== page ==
Last Updated: Friday - 09/24/2010
Week of June 21, 1999
From single mom to senator
CSS honours Metis advocate Thelma Chalifoux
By ANH HOANG
WCR Staff Writer
When Thelma Chalifoux was a young single mother, scraping by to put food on the table for her seven children, she took to heart the words of her parents who said "If you keep the faith, you'll make it."
"And we made it," said Chalifoux, 70, to a crowd of 300 at the June 11 annual meeting of Catholic Social Services.
Chalifoux is the winner of this year's Msgr. Bill Irwin Award of Excellence. The award is named after CSS's founder.
Chalifoux has made it as the first Metis woman in Canada's Senate.
She has made it as the first Metis to chair the National Metis Senate and the Senate Constitution Commission.
"When I look at this award, I must not forget where I come from and who I'm working for," Chalifoux said.
The people she's working for are those in low-income communities where she herself walked as a resident.
In his presentation remarks, Father James Holland of Sacred Heart Church of the First Peoples, recalls Chalifoux's life-long work in the community.
"She looked after her own family. Then she moved on to look after her family, the Metis people. She has moved on to look after her family, which is this province. Then she moved to look after this nation."
When asked why she has spent years lobbying for funding and an increased social services program, Chalifoux says, "How can you ask such a question? It's something we all should do.
"It's a humbling experience to do things for others. That's part of life. If you don't help others, you die."
Chalifoux is recognized as one of Canada's most ardent advocates of Metis culture and identity.
"She walks the talk," said Chalifoux's son, Robert Coulter. "There are no skeletons in her closet. All the things she said she wanted to do, she's done.
"This is an award of excellence and integrity. It's really true for her. She's helped every person that's come in contact with her."
At 25, Chalifoux was abandoned by an abusive husband. She had a Grade 9 education and seven young children. But living by her belief that "the good Lord will look after us," she completed her schooling and raised her family.
"She's been through it all," Coulter said. "She's been there and knows what it's like to be a single mother. There wasn't Catholic Social Services back then. That's why she thinks it's so important now."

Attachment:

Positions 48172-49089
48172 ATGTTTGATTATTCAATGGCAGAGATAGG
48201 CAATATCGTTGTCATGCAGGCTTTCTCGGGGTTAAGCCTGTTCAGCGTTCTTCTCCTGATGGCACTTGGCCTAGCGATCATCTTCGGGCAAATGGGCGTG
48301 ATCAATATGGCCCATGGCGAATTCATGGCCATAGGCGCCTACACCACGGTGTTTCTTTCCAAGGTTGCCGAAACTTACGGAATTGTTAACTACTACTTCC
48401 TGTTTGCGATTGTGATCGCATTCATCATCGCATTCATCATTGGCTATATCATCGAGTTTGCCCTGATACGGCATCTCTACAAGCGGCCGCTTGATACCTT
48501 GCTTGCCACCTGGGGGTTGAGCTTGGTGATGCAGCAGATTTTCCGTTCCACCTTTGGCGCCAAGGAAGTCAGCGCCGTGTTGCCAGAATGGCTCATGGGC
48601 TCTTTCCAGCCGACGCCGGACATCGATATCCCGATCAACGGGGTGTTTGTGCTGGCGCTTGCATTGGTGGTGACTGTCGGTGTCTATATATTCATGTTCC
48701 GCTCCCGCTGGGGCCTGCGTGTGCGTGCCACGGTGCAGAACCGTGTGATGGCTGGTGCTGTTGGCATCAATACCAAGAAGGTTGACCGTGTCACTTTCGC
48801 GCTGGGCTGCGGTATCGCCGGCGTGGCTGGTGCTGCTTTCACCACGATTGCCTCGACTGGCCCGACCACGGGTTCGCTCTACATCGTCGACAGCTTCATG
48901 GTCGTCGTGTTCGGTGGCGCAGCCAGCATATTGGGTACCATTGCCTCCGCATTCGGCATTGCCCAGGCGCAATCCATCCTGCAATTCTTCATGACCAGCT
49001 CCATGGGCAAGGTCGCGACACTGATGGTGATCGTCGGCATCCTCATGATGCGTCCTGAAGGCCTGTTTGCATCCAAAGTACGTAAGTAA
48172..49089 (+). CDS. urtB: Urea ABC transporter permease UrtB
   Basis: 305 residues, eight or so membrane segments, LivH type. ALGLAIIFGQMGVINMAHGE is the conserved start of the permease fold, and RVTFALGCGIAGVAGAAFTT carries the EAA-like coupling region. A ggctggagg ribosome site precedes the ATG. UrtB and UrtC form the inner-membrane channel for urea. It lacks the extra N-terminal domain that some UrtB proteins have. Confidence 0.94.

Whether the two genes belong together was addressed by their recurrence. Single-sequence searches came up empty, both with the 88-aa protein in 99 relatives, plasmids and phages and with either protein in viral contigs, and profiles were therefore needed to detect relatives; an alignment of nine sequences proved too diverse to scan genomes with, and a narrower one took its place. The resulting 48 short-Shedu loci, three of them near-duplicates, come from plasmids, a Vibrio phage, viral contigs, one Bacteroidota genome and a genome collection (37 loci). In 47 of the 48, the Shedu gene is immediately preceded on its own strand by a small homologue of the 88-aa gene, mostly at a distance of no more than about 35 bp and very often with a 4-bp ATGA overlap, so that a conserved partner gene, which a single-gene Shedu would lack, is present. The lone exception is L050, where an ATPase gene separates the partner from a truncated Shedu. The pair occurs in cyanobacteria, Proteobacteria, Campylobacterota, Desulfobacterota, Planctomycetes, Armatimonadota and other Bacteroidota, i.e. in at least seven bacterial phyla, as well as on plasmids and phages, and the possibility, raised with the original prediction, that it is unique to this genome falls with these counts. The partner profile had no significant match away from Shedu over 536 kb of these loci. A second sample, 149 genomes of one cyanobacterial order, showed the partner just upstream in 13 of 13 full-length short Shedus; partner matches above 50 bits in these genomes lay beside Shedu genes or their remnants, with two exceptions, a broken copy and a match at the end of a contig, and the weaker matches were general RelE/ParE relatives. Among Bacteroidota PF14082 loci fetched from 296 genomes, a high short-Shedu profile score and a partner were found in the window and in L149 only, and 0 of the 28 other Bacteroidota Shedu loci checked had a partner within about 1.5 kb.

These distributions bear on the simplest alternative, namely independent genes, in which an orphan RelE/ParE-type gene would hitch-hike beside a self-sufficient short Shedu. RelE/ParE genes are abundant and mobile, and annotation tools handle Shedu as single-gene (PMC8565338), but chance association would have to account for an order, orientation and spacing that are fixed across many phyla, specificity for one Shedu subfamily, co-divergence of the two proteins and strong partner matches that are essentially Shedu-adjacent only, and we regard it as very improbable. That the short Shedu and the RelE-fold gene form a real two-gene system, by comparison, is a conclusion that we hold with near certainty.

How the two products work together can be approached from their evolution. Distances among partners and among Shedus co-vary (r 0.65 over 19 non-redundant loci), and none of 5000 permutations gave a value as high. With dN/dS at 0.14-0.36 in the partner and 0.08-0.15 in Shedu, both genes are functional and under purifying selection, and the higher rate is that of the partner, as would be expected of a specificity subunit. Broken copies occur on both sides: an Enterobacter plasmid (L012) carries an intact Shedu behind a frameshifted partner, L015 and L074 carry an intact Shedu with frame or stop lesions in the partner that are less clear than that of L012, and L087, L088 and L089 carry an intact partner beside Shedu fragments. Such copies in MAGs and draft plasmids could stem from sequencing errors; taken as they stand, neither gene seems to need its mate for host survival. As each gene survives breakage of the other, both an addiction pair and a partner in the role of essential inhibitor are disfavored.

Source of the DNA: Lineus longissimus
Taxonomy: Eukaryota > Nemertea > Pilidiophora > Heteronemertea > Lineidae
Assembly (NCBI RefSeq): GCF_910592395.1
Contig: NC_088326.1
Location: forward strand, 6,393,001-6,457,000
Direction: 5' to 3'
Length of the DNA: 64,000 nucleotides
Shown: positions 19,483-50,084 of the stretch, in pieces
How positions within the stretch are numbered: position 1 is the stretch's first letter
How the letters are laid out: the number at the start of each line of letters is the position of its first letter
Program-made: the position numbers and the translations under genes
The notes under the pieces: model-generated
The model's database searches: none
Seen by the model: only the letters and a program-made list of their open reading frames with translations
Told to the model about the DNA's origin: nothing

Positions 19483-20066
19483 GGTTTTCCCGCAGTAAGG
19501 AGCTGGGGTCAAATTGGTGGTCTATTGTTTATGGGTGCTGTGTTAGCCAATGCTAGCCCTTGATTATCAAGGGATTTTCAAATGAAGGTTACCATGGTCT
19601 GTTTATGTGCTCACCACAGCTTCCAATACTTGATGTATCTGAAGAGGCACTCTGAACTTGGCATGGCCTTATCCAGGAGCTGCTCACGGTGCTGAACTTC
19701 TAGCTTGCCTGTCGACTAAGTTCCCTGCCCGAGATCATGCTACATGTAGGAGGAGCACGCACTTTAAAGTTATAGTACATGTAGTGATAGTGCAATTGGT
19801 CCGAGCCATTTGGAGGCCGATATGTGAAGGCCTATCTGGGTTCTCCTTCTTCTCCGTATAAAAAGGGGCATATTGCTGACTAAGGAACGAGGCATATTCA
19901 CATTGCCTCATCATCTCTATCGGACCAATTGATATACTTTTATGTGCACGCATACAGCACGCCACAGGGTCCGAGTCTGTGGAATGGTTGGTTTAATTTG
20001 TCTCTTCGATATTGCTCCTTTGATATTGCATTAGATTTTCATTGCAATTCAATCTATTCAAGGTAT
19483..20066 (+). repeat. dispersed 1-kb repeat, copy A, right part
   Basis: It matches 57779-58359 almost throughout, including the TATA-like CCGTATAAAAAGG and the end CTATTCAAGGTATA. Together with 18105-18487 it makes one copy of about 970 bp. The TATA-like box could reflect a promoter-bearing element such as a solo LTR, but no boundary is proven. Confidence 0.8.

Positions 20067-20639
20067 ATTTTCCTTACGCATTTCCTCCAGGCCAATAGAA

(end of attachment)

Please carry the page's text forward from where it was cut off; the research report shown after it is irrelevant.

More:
With a $29-million budget, CSS is the largest agency of its kind in Canada. Founded in 1961, the agency offers a variety of services and programs including residential and foster care for youths, language and employment programs for new immigrants, counselling for families, support for the disabled and training programs for young offenders.
CSS president Al Pierog said the past year has seen a slew of new programs, bringing the total of CSS programs to 112.
They include expansion of the Diversion Program, which supports families experiencing problems in the home, support for Kosovar refugees, academic programs for immigrant youth in the inner city and Millwoods, and working with local agencies to develop Protective Safe House, a refuge for teen prostitutes.
While the agency has well-rooted programs for children and families, Pierog said it is increasing its seniors' programs.
"Our agency has identified needs with the elderly as an emerging challenge and we have begun to respond," Pierog said.
Last year, the agency, in collaboration with Edmonton City Police and the city's community service department developed the Elder Abuse Intervention Team to prevent elder abuse and intervene when it does occur.
The annual meeting also honoured six CSS volunteers. They are:
. Yvette Boisvert, a volunteer with the Host Program, offering support to immigrants, for the past six years.
. Michael Boyd who promotes programs and activities for the developmentally disabled.
. Jean Mucha, a volunteer for 10 years and a driving force behind the Elderly Adult Resources Service program, which looks at elder abuse.
. Kevin Murphy, principal of Archbishop O'Leary High School and a nine-year volunteer who chaired the 1998 Sign of Hope Campaign which raised $1.34 million.
. Margaret Roche, the former CSS social worker has volunteered with the agency for the past 13 years and is also a member of the Advisory Committee.
. Chantal Roy who volunteers as a human resources clerk 18 hours a week.
The meeting also recognized retiring board members Dan Gau, Bish Chrzanowski and Father Michael Toner as well as new members Randy Abele, Tony Balace and Sister Germaine Hetu.